Connecting Ruby Logs and Traces

Connecting Ruby Logs and Traces

Trace correlation

In many cases, such as logging, it may be useful to correlate trace IDs to other events or data streams, for easier cross-referencing.

Logging in Rails applications

Automatic injection

For Rails applications using the default logger (ActiveSupport::TaggedLogging) or lograge, you can automatically enable trace correlation injection by setting the rails instrumentation configuration option log_injection to true or by setting environment variable DD_LOGS_INJECTION=true:

# config/initializers/datadog.rb
require 'ddtrace'

Datadog.configure do |c|
  c.use :rails, log_injection: true
end

Note: For lograge users who have also defined lograge.custom_options in an initializers/lograge.rb configuration file, because Rails loads initializers in alphabetical order, automatic trace correlation may not take effect, since initializers/datadog.rb would be overwritten by the initializers/lograge.rb initializer. To support automatic trace correlation with existing lograge.custom_options, use the Manual Lograge configuration below.

Manual injection

Lograge

After setting up Lograge in a Rails application, manually modify the custom_options block in your environment configuration file (e.g. config/environments/production.rb) to add the trace IDs.

config.lograge.custom_options = lambda do |event|
  # Retrieves trace information for current thread
  correlation = Datadog.tracer.active_correlation

  {
    # Adds IDs as tags to log output
    :dd => {
      # To preserve precision during JSON serialization, use strings for large numbers
      :trace_id => correlation.trace_id.to_s,
      :span_id => correlation.span_id.to_s,
      :env => correlation.env.to_s,
      :service => correlation.service.to_s,
      :version => correlation.version.to_s
    },
    :ddsource => ["ruby"],
    :params => event.payload[:params].reject { |k| %w(controller action).include? k }
  }
end
ActiveSupport::TaggedLogging

Rails applications that are configured with the default ActiveSupport::TaggedLogging logger can append correlation IDs as tags to log output. To enable Trace Correlation with ActiveSupport::TaggedLogging, in your Rails environment configuration file, add the following:

Rails.application.configure do
  config.log_tags = [proc { Datadog.tracer.active_correlation.to_s }]
end

# Given:
# DD_ENV = 'production' (The name of the environment your application is running in.)
# DD_SERVICE = 'billing-api' (Default service name of your application.)
# DD_VERSION = '2.5.17' (The version of your application.)

# Web requests will produce:
# [dd.env=production dd.service=billing-api dd.version=2.5.17 dd.trace_id=7110975754844687674 dd.span_id=7518426836986654206] Started GET "/articles" for 172.22.0.1 at 2019-01-16 18:50:57 +0000
# [dd.env=production dd.service=billing-api dd.version=2.5.17 dd.trace_id=7110975754844687674 dd.span_id=7518426836986654206] Processing by ArticlesController#index as */*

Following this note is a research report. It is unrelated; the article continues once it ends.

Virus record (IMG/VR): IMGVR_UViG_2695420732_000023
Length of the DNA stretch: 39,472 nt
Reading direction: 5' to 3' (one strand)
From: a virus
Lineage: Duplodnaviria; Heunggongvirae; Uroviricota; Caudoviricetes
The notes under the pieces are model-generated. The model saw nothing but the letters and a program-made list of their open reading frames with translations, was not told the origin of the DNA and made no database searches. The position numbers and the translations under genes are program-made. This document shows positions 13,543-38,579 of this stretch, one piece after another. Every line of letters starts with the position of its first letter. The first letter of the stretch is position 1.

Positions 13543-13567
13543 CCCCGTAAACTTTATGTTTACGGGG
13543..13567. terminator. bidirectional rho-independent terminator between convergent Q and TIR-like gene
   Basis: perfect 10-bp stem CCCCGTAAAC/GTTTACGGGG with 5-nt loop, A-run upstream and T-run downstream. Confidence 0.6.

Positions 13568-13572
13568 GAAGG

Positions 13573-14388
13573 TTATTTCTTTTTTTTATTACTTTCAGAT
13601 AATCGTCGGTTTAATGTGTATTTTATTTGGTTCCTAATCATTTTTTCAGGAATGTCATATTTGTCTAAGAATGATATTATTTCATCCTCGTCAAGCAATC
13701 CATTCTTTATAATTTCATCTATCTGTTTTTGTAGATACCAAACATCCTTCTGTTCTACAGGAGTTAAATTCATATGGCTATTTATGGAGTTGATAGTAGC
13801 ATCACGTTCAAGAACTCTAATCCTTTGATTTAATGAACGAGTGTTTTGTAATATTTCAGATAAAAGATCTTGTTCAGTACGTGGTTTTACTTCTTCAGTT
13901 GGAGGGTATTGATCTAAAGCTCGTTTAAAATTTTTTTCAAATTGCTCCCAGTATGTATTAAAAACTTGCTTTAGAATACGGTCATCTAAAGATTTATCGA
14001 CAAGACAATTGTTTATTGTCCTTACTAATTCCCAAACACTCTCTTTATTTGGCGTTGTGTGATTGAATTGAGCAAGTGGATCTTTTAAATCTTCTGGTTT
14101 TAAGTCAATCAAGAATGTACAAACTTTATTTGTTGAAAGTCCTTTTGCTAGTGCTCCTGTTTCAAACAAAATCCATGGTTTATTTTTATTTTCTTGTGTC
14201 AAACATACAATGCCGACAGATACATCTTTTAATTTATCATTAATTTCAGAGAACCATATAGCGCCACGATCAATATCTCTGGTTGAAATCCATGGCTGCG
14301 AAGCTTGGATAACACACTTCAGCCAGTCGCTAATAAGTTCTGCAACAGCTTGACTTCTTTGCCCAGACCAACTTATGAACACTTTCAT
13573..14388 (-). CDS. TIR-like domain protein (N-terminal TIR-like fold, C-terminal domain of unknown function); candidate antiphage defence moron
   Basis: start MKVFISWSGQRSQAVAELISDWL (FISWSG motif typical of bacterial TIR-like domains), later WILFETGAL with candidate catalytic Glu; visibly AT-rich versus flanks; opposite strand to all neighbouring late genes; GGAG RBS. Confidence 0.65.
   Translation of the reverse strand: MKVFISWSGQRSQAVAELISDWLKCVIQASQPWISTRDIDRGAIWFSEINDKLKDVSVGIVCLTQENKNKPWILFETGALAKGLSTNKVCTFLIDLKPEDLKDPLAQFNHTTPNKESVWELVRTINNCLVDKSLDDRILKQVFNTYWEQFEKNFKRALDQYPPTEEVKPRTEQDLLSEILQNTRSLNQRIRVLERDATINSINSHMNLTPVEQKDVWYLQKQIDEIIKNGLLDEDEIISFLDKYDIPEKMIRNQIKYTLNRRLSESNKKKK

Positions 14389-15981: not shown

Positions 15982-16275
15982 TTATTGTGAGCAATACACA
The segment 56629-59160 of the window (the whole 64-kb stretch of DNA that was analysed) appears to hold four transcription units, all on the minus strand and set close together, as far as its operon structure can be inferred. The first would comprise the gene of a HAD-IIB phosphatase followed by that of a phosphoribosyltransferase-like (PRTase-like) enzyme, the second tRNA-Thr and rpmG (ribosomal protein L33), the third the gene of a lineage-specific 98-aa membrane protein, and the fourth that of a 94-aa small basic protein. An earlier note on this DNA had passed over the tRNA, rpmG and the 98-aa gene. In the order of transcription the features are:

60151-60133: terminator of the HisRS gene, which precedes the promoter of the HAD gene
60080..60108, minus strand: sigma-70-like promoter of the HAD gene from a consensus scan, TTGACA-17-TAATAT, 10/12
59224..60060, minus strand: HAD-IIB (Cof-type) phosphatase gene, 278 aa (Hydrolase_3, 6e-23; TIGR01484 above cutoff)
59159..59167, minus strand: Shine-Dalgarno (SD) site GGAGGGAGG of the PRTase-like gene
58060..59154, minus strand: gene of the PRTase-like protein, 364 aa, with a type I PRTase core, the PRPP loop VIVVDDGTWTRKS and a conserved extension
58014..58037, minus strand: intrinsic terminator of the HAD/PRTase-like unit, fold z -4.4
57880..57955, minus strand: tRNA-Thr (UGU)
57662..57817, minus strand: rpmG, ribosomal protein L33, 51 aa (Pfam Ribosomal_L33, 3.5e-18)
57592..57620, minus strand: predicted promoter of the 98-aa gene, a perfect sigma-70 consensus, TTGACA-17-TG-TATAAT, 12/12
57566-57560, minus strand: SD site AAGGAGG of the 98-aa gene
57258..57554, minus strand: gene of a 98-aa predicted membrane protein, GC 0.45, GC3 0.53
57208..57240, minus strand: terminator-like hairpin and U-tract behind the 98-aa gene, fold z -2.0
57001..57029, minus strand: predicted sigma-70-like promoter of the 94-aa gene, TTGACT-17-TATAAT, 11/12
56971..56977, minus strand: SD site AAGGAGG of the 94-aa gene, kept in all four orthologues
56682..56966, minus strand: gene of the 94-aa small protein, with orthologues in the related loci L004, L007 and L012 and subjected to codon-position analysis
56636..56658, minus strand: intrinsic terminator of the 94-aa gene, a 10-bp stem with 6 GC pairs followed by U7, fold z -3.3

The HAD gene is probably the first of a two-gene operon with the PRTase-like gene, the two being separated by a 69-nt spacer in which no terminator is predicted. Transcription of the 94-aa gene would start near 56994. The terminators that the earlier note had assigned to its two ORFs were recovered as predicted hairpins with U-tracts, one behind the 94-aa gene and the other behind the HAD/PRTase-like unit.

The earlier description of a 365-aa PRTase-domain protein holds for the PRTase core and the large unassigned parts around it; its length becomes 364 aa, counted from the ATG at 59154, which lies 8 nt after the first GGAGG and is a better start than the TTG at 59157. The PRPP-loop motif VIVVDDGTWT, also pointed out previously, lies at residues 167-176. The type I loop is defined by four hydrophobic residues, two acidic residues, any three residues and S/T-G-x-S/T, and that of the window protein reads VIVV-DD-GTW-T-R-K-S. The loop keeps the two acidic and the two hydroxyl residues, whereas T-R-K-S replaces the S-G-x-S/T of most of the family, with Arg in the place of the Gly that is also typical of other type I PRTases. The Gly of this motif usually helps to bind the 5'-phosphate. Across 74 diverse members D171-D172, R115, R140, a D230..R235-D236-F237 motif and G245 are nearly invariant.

# [dd.env=production dd.service=billing-api dd.version=2.5.17 dd.trace_id=7110975754844687674 dd.span_id=7518426836986654206]   Article Load (0.5ms)  SELECT "articles".* FROM "articles"
# [dd.env=production dd.service=billing-api dd.version=2.5.17 dd.trace_id=7110975754844687674 dd.span_id=7518426836986654206] Completed 200 OK in 7ms (Views: 5.5ms | ActiveRecord: 0.5ms)

Logging in Ruby applications

To add correlation IDs to your logger, add a log formatter which retrieves the correlation IDs with Datadog.tracer.active_correlation, then add them to the message.

To properly correlate with Datadog logging, be sure the following is present in the log message, in order as they appear:

  • dd.env=<ENV>: Where <ENV> is equal to Datadog.tracer.active_correlation.env. Omit if no environment is configured.
  • dd.service=<SERVICE>: Where <SERVICE> is equal to Datadog.tracer.active_correlation.service. Omit if no default service name is configured.
  • dd.version=<VERSION>: Where <VERSION> is equal to Datadog.tracer.active_correlation.version. Omit if no application version is configured.
  • dd.trace_id=<TRACE_ID>: Where <TRACE_ID> is equal to Datadog.tracer.active_correlation.trace_id or 0 if no trace is active during logging.
  • dd.span_id=<SPAN_ID>: Where <SPAN_ID> is equal to Datadog.tracer.active_correlation.span_id or 0 if no trace is active during logging.

By default, Datadog::Correlation::Identifier#to_s will return dd.env=<ENV> dd.service=<SERVICE> dd.version=<VERSION> dd.trace_id=<TRACE_ID> dd.span_id=<SPAN_ID>.

If a trace is not active and the application environment & version is not configured, it will return dd.trace_id=0 dd.span_id=0 dd.env= dd.version=.

An example of this in practice:

require 'ddtrace'
require 'logger'

ENV['DD_ENV'] = 'production'
ENV['DD_SERVICE'] = 'billing-api'
ENV['DD_VERSION'] = '2.5.17'

logger = Logger.new(STDOUT)
logger.progname = 'my_app'
logger.formatter  = proc do |severity, datetime, progname, msg|
  "[#{datetime}][#{progname}][#{severity}][#{Datadog.tracer.active_correlation}] #{msg}\n"
end

# When no trace is active
logger.warn('This is an untraced operation.')
# [2019-01-16 18:38:41 +0000][my_app][WARN][dd.env=production dd.service=billing-api dd.version=2.5.17 dd.trace_id=0 dd.span_id=0] This is an untraced operation.

# When a trace is active
Datadog.tracer.trace('my.operation') { logger.warn('This is a traced operation.') }
# [2019-01-16 18:38:41 +0000][my_app][WARN][dd.env=production dd.service=billing-api dd.version=2.5.17 dd.trace_id=8545847825299552251 dd.span_id=3711755234730770098] This is a traced operation.

Further Reading